Fortunately only two of the 21 songs played that evening in Las Vegas were off the new album, Will's legendary guitar playing shining through on many of the old classics they performed while up on the stage.

The taper had this to say about the recording:

"Weeks before this show I contacted the band's manager by email to ask permission to tape from the soundboard and to my surprise he replied that it would be OK. He gave me his contact info and told me to ask for him at the door. I flew into Vegas for this show with my stealth mics in case it didn't work out but I actually found him at the venue and he set me up with the sound guy who instead of letting me plug into the mixing desk outputs actually just popped my blank DAT tape into the house system which was already configured to record. Needless to say, I was stunned. He also provided me with a backstage pass to meet and greet after the show with the taping experience ever. I have given this out a few times over the years but now hopefully enough time as passed to give it the distribution it deserves. Excellent soundboard and balanced recording...this sounds as good as an official release."

Monday, February 1, 2010


Friday night rolled around and yet I wasn't really in the mood for a blow out night listening to music and tipping the flask. Must have been tired and was thinking more about a good nights rest. I did manage to muster up the energy to go out to the truck late in the evening, bringing along two CDs, but playing only one.

Coldplay received my full attention this evening, a smooth performance in London at Brixton Academy on June 16, 2008 before an audience for Radio 1. They played some of their new songs from Viva la Vida , and some of their favorite "introspective Brit-pop and anthemic" songs from previous releases. Great sounding FM recording and a great performance by the band. The effect of having listened to Chris Martin's soothing voice was to lull me to sleep upon returning to the house and bed sometime about midnight.

Corporate free speech
Politicians take notice
Listen to the funders

The call of duty
Honor paid to those who serve
Names etched on marble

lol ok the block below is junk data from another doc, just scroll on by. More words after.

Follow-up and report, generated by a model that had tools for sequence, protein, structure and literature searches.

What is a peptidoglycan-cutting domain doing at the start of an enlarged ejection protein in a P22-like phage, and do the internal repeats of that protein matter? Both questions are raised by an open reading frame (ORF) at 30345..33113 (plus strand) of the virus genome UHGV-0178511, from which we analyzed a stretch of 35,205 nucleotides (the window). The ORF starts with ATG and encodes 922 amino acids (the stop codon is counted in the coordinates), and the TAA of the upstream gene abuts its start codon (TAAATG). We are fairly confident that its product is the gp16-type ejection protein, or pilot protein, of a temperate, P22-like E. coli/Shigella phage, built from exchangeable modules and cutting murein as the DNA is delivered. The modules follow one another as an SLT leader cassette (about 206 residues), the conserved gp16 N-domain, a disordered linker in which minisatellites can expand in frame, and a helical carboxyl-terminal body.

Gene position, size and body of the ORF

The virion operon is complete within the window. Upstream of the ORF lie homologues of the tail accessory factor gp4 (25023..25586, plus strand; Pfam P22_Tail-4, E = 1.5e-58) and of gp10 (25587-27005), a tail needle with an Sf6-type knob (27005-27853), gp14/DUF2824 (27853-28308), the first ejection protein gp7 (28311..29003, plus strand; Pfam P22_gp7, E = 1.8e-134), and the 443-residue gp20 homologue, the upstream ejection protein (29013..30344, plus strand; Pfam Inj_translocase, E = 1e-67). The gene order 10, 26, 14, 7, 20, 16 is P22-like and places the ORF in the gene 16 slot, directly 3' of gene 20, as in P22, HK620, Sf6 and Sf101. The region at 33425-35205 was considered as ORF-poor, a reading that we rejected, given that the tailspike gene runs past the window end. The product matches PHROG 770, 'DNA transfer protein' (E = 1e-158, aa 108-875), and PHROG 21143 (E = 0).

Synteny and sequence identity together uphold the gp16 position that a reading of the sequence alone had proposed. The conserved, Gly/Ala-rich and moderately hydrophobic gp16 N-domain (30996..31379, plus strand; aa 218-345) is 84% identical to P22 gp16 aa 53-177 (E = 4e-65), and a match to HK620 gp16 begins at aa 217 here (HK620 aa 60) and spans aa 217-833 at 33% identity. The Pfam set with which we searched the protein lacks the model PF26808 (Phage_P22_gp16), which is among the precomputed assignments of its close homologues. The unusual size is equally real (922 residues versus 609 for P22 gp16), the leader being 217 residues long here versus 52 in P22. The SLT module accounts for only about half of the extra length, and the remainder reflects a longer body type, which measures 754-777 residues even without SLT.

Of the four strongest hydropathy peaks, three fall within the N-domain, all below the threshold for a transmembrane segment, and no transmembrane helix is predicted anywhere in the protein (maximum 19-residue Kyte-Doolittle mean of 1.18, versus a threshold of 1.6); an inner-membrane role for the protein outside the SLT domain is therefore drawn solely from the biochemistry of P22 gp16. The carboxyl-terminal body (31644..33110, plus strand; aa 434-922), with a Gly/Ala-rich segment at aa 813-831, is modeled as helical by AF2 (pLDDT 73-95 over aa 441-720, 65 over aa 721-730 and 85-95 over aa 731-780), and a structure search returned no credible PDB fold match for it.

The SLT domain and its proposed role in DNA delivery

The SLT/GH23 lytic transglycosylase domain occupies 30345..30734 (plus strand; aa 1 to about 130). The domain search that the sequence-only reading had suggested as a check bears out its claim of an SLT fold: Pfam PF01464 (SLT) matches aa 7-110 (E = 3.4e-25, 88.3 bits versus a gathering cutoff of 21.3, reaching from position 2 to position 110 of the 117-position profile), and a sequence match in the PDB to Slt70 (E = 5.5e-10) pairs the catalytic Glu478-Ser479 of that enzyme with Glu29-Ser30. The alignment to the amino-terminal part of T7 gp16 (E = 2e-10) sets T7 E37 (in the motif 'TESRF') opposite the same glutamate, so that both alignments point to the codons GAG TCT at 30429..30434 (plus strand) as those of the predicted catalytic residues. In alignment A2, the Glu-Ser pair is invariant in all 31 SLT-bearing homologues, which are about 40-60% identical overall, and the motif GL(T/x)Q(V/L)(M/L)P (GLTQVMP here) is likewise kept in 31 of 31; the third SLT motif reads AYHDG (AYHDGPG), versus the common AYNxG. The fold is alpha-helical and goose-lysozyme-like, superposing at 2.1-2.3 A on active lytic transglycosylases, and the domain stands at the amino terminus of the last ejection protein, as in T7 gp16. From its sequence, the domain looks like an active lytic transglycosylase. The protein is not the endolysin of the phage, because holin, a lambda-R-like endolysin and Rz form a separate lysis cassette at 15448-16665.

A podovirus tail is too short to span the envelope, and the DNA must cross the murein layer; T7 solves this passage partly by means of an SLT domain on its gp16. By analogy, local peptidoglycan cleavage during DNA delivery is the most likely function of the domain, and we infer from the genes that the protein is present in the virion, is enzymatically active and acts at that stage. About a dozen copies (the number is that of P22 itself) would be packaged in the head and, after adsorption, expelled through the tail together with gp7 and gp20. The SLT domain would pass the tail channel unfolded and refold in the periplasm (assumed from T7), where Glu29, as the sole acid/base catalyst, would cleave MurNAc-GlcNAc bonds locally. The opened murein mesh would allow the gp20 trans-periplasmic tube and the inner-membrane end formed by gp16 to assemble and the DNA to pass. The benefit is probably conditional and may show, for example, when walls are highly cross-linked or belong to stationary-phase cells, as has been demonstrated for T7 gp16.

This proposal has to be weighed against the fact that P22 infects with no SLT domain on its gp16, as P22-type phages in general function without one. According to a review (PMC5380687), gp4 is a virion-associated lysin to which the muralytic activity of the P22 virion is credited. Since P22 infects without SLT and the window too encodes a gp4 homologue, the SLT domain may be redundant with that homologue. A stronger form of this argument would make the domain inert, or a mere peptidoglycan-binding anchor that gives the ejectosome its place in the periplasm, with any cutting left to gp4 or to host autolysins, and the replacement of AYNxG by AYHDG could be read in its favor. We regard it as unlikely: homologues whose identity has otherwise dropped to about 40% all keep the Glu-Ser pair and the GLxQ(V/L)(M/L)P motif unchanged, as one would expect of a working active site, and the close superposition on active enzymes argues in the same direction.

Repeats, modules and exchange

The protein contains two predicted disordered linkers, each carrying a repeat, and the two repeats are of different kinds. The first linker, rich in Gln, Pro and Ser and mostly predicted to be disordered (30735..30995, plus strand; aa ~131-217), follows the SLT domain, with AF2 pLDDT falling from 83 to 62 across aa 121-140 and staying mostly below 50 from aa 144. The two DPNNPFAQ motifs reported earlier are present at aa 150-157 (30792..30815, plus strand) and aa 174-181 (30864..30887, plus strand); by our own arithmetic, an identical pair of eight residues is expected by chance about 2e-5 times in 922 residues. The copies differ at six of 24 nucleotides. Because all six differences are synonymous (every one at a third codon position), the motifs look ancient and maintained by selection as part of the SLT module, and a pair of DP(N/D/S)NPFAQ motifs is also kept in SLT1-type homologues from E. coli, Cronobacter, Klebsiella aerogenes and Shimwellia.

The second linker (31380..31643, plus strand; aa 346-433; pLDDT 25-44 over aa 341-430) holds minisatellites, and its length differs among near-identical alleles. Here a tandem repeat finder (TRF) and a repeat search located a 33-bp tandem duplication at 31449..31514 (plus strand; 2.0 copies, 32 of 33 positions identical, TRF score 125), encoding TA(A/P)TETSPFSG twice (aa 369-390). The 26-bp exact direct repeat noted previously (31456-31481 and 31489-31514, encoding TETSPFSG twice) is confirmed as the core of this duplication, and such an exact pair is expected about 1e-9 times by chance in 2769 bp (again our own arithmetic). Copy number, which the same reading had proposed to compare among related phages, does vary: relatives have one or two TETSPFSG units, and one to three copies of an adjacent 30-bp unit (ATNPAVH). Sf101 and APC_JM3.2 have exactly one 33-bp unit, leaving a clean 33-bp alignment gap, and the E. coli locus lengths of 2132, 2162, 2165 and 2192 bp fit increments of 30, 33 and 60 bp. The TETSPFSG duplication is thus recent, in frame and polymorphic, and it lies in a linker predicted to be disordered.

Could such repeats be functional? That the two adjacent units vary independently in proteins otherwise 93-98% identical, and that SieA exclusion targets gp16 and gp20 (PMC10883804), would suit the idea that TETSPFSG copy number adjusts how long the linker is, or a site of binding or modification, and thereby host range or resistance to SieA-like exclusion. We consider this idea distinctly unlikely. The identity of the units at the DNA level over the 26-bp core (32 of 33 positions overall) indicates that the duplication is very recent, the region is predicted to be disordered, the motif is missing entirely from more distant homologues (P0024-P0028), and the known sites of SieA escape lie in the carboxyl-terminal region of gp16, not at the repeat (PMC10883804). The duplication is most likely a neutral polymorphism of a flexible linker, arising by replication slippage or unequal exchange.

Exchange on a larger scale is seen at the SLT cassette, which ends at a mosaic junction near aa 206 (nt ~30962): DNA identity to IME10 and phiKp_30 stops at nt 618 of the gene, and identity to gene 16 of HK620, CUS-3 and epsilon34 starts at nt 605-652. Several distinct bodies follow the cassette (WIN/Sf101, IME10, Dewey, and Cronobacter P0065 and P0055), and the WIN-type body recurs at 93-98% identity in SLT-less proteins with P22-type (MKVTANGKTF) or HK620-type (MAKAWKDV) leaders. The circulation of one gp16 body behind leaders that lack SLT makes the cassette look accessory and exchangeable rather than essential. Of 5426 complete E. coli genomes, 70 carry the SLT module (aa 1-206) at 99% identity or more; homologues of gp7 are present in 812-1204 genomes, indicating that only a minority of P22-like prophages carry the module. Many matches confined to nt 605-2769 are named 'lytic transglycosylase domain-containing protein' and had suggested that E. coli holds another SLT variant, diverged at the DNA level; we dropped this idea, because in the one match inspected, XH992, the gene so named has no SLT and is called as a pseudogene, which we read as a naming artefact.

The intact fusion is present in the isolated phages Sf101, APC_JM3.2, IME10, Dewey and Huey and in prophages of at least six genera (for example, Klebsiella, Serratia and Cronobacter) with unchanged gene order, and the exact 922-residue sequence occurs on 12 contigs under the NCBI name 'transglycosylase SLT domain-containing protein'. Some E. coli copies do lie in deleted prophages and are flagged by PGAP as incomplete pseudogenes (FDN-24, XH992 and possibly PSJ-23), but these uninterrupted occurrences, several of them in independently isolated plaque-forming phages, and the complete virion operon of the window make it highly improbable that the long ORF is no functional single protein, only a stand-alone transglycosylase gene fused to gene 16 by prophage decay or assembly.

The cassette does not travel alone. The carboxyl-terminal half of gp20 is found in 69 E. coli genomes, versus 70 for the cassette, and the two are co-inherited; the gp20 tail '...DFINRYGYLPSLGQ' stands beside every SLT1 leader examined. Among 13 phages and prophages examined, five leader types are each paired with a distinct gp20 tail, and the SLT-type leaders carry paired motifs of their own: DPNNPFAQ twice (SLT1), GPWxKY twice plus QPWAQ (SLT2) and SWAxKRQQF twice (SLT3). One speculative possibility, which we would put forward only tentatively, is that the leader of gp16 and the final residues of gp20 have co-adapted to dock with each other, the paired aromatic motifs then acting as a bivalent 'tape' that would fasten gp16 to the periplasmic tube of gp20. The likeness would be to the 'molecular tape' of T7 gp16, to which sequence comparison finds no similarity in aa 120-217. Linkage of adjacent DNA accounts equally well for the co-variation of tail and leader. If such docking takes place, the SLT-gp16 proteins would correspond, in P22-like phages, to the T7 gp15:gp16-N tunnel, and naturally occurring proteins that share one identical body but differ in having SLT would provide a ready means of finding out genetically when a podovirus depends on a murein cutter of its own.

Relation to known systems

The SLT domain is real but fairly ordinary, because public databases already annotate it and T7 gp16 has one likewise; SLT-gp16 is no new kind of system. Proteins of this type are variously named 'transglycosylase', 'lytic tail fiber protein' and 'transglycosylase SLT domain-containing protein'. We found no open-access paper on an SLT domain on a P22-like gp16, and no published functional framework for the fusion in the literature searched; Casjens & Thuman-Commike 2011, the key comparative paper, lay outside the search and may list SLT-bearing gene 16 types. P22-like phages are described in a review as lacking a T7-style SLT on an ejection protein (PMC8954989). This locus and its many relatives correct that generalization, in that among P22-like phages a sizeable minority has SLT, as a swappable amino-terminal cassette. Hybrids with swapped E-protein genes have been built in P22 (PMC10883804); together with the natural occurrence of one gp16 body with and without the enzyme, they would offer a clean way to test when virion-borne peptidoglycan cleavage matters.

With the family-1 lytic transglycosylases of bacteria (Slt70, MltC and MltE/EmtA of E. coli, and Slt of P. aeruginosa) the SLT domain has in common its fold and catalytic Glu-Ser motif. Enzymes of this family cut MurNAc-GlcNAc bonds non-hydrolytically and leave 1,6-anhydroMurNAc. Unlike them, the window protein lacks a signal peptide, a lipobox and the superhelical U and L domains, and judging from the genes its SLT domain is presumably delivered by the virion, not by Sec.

Play the instrument
It touches upon the heart
Tears of happiness

Slips through his fingers
No longer hears the clocks tick
Lost all track of time

Eyes upon the heavens
Resting upon Earth's high throne
Never wants to go

Saturday was spent at home, primarily sitting at the dining room table carving the last remaining blocks for the next print. A very boring chore, but the only way to get to the end and see what it is that I have created when I take ink to paper. Numerous coffee breaks help break the mind numbing activity.

By that night I was rested and more willing do my traditional virtual concert thing outside with my cigar and flask. Instead of using the headphones I turned on the truck stereo in order to spare the ears of any more damage, at least for this night. First up was Nirvana performing in Omaha, Nebraska on October 8, 1989, a great sounding recording of some of their earlier work, before they were catapulted into the national spotlight a few years later. Loud, rough and heavy, loaded with feedback. The music kicked me into the mood, setting me up for round two.

I closed the night down with Echo & The Bunnymen's Sessions, Rarities and Demos. These collections are a favorite of mine, the subtle variations of their studio album performances giving us a different view of their music and performance style, seeing how the songs evolved from inception to their recording. The songs included on the download were from their prime in the mid 80's, while they were at the peak of their game, tunes recorded while they worked on their first four albums, considered by Bunnymen aficionados to be their very best, that high pinnacle never to be reached thereafter. I agree, but there are many other songs they performed later on that are, in my opinion, just as good, even if Ian's voice deteriorated with the passing years. A really fun recording listened to under a very bright full moon.